By Erin Sherbert
By Howard Cole
By Erin Sherbert
By Erin Sherbert
By Leif Haven
By Erin Sherbert
By Chris Roberts
By Kate Conger
"Are you going to put out a position paper on Muni?" Saint Onge asks. "This is just ridiculous!"
Achtenberg sympathizes, telling him she will set standards for every city department, demand that people meet them, and rebuild things from top to bottom -- one of her favorite expressions, along with the words "reform," "reinvent," "responsibility," and "reorganize."
I follow Saint Onge as he trails down Market Street after shaking Achtenberg's hand. Who will he vote for?
"I'm torn between Willie and Roberta," he says. "It's hard, because Willie's been such a friend to the gay community for so many years."
Aug. 16. Under ballroom chandeliers in the ANA hotel on Third Street, Achtenberg is back onstage along with Jordan, Alioto, and, this time, businessman Ben Hom, the Republican who starts nearly every snippet this morning by declaring, "I am not a politician."
Joel Ventresca still hasn't been invited. And once again, Brown is late. He arrives with no apology and a white rose in his lapel.
The candidates are live on the Ronn Owens talk show, and Owens asks them to shorten their answers. "Snap it up," he says during a station break, before pitching a question: "Is the San Francisco Board of Supervisors way too far to the left?"
"Oh, way too left," says Hom.
"I believe," says Achtenberg, "there needs to be more constructive leadership ..."
"Are they too liberal?" Owens cuts her off.
"No," Achtenberg concedes.
Owens nods, karate chops with his hand -- commercial time. And a distinguished-looking, gray-haired woman in front of me quietly fumes.
"Why is he always late, and doing that grand entrance?" asks Elza Burton. "What -- he thinks he's the king or something?" A lot of things about Brown annoy Burton, particularly the fact that since 1980 Brown has reportedly accepted more campaign contributions from the tobacco industry -- $659,492 -- than any other U.S. lawmaker.
What's the solution? I ask.
"Roberta!" Burton says emphatically. Achtenberg always has the most sensible, detailed answers, she says. And she's really improving her speaking style, she adds.
"The first time I saw her," she says, apologetically, "I nearly fell asleep."
Aug. 15. Roberta Achtenberg sits in Peet's coffee store near her 2275 Market office, wearing pink and sipping a latte. We are finally one-on-one, which is anything but sleep-evoking. She will soon be talking about a tragedy. And I am ready to shred napkins.
After a week of watching, I'm still not even close to figuring out who Achtenberg "really is." Is she an inexperienced idealist -- a Jimmy Carter who will find it hard to cut deals and compromise? Is she someone uniquely capable of cleaning house and promoting social justice, free of the constraints of cronyism or conflicts of interest (which critics say will hobble 31-year political veteran Willie Brown)? But more troubling, how can anyone extract the snarled, rich, mysterious singularity of a human being by watching them in the spin cycle of politics: endlessly repeating the same phrases, endlessly answering the same questions; as endlessly forced to smile as Miss America contestants who smear Vaseline on their teeth to keep their lips from snagging.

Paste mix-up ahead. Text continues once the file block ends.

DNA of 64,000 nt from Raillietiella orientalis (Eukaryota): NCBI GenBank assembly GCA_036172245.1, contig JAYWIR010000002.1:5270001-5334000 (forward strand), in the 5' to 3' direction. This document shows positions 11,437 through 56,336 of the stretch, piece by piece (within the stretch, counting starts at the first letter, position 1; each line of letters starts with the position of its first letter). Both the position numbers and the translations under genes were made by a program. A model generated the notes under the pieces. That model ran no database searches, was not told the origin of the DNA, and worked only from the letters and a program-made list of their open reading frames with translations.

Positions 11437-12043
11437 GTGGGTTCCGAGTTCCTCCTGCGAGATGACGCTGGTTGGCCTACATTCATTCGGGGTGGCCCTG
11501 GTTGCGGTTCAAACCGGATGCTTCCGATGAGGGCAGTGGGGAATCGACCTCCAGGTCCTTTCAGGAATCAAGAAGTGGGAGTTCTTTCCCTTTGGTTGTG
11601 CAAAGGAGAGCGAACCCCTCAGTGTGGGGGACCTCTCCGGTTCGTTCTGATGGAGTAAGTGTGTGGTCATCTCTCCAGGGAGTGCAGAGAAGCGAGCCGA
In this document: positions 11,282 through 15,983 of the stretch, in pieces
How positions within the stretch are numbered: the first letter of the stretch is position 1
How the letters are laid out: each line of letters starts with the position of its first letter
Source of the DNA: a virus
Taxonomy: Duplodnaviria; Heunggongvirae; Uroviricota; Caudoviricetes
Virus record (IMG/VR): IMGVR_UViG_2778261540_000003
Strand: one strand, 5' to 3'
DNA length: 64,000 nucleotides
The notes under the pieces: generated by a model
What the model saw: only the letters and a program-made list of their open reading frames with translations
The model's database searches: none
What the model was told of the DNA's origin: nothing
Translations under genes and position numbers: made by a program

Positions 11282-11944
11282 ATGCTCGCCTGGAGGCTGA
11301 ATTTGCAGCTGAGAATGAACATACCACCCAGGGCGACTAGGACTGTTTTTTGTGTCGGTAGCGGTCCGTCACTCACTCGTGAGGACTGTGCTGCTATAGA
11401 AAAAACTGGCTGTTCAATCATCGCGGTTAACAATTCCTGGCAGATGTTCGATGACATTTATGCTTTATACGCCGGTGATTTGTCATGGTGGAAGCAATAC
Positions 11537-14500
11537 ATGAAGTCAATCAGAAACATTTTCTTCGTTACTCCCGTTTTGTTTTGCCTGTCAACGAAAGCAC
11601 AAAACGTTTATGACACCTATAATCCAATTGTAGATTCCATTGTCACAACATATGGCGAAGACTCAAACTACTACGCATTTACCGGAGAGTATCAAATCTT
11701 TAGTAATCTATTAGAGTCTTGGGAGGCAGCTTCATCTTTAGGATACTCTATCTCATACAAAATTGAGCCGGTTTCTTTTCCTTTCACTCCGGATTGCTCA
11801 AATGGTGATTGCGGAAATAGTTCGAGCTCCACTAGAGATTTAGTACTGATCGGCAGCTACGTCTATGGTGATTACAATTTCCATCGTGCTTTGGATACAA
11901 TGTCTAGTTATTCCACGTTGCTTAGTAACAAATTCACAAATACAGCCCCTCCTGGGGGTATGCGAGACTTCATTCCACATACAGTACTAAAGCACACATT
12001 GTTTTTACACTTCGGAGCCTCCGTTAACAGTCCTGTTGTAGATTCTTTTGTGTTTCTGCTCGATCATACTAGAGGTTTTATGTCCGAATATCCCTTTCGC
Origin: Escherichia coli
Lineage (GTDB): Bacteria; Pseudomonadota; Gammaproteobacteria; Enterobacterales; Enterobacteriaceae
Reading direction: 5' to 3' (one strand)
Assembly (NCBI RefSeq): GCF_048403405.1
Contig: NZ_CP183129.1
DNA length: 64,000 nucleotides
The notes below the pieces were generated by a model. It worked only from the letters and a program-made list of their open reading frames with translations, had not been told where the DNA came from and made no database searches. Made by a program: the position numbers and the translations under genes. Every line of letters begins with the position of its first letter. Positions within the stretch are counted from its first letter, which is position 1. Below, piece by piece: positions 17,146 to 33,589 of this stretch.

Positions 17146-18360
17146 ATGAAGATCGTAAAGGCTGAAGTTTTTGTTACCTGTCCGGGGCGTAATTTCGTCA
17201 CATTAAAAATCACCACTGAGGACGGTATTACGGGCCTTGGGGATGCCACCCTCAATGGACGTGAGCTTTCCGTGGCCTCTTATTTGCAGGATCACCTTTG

I silently beg Achtenberg to relax and reveal something. She does and doesn't comply.
"I was born in Inglewood," she begins. She was the third of four children born to Russian Jewish immigrants who had completed the equivalent of eighth grade. Her parents started their own business, a corner grocery store.
They weren't political -- "Absolutely not! They were apolitical as they could be," she says -- but they were "Democrats without question," and they infused their children with concern for social justice. Life at home adhered mostly to the non-eventful -- until Achtenberg turned 14.
Her brother, a Boalt Hall Law School student, suffered a bicycle accident that impaired his mobility. "And then he had a surgery that went badly, and as a result of the surgery, he became a quadriplegic," Achtenberg says, quietly. Things would only get worse.
"After my brother became disabled, my father basically became incredibly distraught and ultimately had a stroke and became paralyzed. He lived three years in a nursing home." He died when she was 18.
"To have my brother in a rehabilitation facility and my father in a nursing home" -- Achtenberg pauses. "I mean, it was a disaster. We had a lot of trouble just taking care of the family, right? Keeping things going. My mother had a business to run by herself and my sister and I had to make sure that my brother and my father were visited every day." Back then, she explains, the way to ensure good nursing care was to let the homes know you were involved. "The family had to stick together and take care of each other."
A "dutiful daughter," a "good Jewish girl," as she has described herself, Achtenberg finished high school -- ignoring the counselor who told her she should be a teacher, "like all smart girls" -- and went to the University of California at Berkeley, planning to become a lawyer. It was the time of civil rights battles and the anti-war movement, and Achtenberg joined in. It was also the time of a burgeoning women's movement, and the nascence of gay rights. But at 21, Achtenberg married a man and went to the University of Utah law school to fulfill her dream of doing good. Four years later, her discovery arrived.